http://archive.is/nGukb
CLICK HERE, for Tam supports groups for protesting.

https://apps.irs.gov/app/eos/
EIN: 52-1937154

3. Quotes From Article

But as protests over police brutality and racism erupt across the United States and beyond, sparked by the case of George Floyd — an unarmed black man whose final moments were spent with an officer’s knee pressed into his neck — one refrain is growing louder and louder: “Defund the police.”

Exactly what that means can differ somewhat depending on who you ask. While some have called for an outright abolition of police forces, many others favour reducing police budgets so that their work focuses more squarely on violent crime. But the sentiments behind it stem from a singular question when it comes to dealing with people in mental distress:

“Is that armed, highly-paid officer the right resource for that function?” asked Alok Mukherjee, who spent a decade as the chair of the Toronto Police Services Board.

In Toronto, the police service is the single-biggest line item in the city’s $13.5-billion operating budget. Out of an average property tax bill of $3,020, the largest share — about $700 — is allocated to police. That’s followed by about $520 for transit. Shelters and housing take up about $150, while about $60 goes to paramedic services.

“We’ve seen a proliferation of gang-intervention and prevention programs that include funding for the police … rather than simply providing after-school services, education services, extracurricular activities and sports activities for young people in disadvantaged neighbourhoods,” he said.

In true CBC fashion, the article doesn’t actually pose a concrete solution. Instead, it meanders, not really focusing on a coherent argument.

However, the more interesting questions are: Who is this author? What is her agenda in writing it? Why is she pushing this topic? What is her background?

4. Looking At Shanifa Nasser’s Twitter Feed

Tasser’s Twitter feed is filled with race-bait and race-hustling content. It’s clearly a large part of the content that she covers, and she seems to buy into the narrative of systemic racism in Canada. But what else is known about her?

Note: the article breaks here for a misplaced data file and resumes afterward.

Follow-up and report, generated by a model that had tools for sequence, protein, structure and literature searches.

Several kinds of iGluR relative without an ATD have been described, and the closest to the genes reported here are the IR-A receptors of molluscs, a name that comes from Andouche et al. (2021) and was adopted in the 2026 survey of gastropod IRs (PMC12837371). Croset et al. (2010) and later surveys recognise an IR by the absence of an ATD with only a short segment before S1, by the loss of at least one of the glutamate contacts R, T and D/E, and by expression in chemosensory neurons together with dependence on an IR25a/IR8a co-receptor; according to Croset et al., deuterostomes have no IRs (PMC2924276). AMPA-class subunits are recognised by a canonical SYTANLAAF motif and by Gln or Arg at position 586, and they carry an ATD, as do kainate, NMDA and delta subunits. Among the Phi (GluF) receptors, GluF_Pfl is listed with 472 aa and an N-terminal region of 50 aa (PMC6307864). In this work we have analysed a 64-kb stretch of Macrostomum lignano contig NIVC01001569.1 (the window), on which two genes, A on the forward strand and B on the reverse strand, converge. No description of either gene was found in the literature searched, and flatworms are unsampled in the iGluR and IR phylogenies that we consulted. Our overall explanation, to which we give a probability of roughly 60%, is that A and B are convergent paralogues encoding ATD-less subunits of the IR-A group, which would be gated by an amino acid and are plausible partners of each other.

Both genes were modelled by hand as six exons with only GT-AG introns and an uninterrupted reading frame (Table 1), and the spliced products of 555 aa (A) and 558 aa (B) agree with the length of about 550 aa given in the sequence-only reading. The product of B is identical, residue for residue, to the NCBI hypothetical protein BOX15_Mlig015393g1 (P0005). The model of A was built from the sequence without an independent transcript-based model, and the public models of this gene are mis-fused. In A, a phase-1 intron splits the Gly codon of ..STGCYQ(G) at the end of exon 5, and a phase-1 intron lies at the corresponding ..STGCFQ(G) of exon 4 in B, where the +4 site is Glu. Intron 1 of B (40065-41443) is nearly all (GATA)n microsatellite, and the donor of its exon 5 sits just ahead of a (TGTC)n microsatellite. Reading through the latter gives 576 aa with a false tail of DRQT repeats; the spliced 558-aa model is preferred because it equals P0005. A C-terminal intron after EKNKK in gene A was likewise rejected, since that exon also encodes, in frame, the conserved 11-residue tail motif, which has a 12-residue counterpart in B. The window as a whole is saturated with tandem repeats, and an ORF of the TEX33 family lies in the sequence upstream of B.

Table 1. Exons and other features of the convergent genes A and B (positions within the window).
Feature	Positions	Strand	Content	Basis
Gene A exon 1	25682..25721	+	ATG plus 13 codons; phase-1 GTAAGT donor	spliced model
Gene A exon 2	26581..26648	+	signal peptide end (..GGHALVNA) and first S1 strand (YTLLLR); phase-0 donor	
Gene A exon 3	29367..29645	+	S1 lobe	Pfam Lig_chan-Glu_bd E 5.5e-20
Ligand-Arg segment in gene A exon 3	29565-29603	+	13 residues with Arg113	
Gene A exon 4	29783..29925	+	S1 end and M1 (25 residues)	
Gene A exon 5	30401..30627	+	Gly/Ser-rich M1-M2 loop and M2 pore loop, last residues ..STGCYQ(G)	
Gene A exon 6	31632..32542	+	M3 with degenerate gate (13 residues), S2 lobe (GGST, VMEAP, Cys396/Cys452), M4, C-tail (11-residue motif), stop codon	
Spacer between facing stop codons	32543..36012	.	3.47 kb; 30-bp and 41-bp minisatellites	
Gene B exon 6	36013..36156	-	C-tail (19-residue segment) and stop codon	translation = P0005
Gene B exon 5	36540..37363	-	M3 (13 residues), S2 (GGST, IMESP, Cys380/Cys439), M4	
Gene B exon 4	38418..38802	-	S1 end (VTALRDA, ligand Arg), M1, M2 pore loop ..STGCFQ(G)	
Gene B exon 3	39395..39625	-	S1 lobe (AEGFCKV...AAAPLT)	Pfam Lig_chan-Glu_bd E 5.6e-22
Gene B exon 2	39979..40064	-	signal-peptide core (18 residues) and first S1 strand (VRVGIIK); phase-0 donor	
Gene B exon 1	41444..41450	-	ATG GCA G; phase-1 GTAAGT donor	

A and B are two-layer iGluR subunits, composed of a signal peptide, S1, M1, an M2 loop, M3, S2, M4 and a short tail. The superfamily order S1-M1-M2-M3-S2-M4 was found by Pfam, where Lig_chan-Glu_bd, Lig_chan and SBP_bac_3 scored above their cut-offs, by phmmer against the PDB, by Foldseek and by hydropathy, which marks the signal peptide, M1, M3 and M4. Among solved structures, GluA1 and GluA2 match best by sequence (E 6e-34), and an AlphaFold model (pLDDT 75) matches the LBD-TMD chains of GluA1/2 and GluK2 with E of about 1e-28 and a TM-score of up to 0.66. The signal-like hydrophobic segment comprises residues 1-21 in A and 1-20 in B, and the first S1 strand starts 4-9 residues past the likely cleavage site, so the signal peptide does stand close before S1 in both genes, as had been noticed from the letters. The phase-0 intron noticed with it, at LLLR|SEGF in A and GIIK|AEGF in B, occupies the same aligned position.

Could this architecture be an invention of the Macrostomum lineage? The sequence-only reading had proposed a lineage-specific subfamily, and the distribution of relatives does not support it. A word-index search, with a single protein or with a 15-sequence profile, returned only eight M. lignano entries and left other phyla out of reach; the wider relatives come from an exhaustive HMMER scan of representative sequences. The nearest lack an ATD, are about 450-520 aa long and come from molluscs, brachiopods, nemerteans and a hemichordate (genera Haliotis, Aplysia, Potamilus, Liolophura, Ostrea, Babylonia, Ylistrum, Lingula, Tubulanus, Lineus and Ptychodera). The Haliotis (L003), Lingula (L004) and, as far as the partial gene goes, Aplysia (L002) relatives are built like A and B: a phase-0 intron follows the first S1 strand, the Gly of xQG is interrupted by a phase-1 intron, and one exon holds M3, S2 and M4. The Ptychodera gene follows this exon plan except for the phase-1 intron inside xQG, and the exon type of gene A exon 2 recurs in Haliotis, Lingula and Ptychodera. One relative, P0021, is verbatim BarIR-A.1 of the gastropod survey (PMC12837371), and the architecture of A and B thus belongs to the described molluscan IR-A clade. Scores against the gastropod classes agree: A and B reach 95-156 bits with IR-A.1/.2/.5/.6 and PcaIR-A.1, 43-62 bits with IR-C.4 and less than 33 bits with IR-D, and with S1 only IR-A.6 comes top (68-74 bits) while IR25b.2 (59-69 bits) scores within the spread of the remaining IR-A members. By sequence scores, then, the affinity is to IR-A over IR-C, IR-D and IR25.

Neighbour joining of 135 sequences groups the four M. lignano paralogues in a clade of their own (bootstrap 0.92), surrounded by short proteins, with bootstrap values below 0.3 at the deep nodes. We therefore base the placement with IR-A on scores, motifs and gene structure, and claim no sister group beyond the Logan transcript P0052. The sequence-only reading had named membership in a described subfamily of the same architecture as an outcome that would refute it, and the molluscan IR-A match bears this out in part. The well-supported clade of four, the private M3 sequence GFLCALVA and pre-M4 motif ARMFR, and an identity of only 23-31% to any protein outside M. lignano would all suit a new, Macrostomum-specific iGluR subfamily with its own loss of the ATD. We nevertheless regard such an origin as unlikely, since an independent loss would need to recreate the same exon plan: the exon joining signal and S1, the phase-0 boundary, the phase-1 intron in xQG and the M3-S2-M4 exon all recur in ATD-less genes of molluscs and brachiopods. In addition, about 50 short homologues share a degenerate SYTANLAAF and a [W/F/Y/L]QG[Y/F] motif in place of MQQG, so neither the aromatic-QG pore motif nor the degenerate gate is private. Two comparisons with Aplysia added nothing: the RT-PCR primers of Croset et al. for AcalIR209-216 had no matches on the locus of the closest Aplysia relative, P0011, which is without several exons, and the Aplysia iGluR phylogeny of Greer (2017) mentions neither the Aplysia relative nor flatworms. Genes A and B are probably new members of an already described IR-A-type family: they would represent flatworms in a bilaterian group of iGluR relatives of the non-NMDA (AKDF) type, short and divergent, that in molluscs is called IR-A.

Her biography has her taking religious studies — Islam specifically — from 2004 to 2011. Presumably her work with Focus Humanitarian Assistance was part time. While she thinks that white supremacy and racism in the West are big problems, she sees nothing wrong with fundraising from those same people in order to fund projects in the 3rd World.

5. Focus Humanitarian Assistance

Since our inception in 1995, Focus Humanitarian Assistance USA (FOCUS USA) has been serving vulnerable communities throughout Central and South Asia in the aftermath of devastating natural disasters. We are also committed to fostering and building disaster-resilient communities in susceptible areas—including areas in the United States—by developing disaster risk mitigation programs to minimize impact and better prepare families and individuals before environmental disasters such as winter storms, hurricanes or earthquakes strike.

Our mission is: to save lives, reduce suffering and create resilience in communities prone to man-made or natural disasters.

As an affiliate of the Aga Khan Development Network (AKDN), FOCUS collaborates closely with several of its branches. FOCUS also works with a number of other like-minded agencies and donor partners. These include partner government and government agencies, NGOs, as well as corporations that share an interest in the effort to provide relief and support services during and following natural and man-made disasters.

Shanifa Nasser’s LinkedIn page states that she held 2 different roles in Focus Humanitarian Assistance form 2010 to 2013. According to its biography, FHA was founded in 1994 by Aga Khan, and operates globally for disaster relief.

fostrian.children.1.patent.letters.
fostrian.children.2.organization.bylaws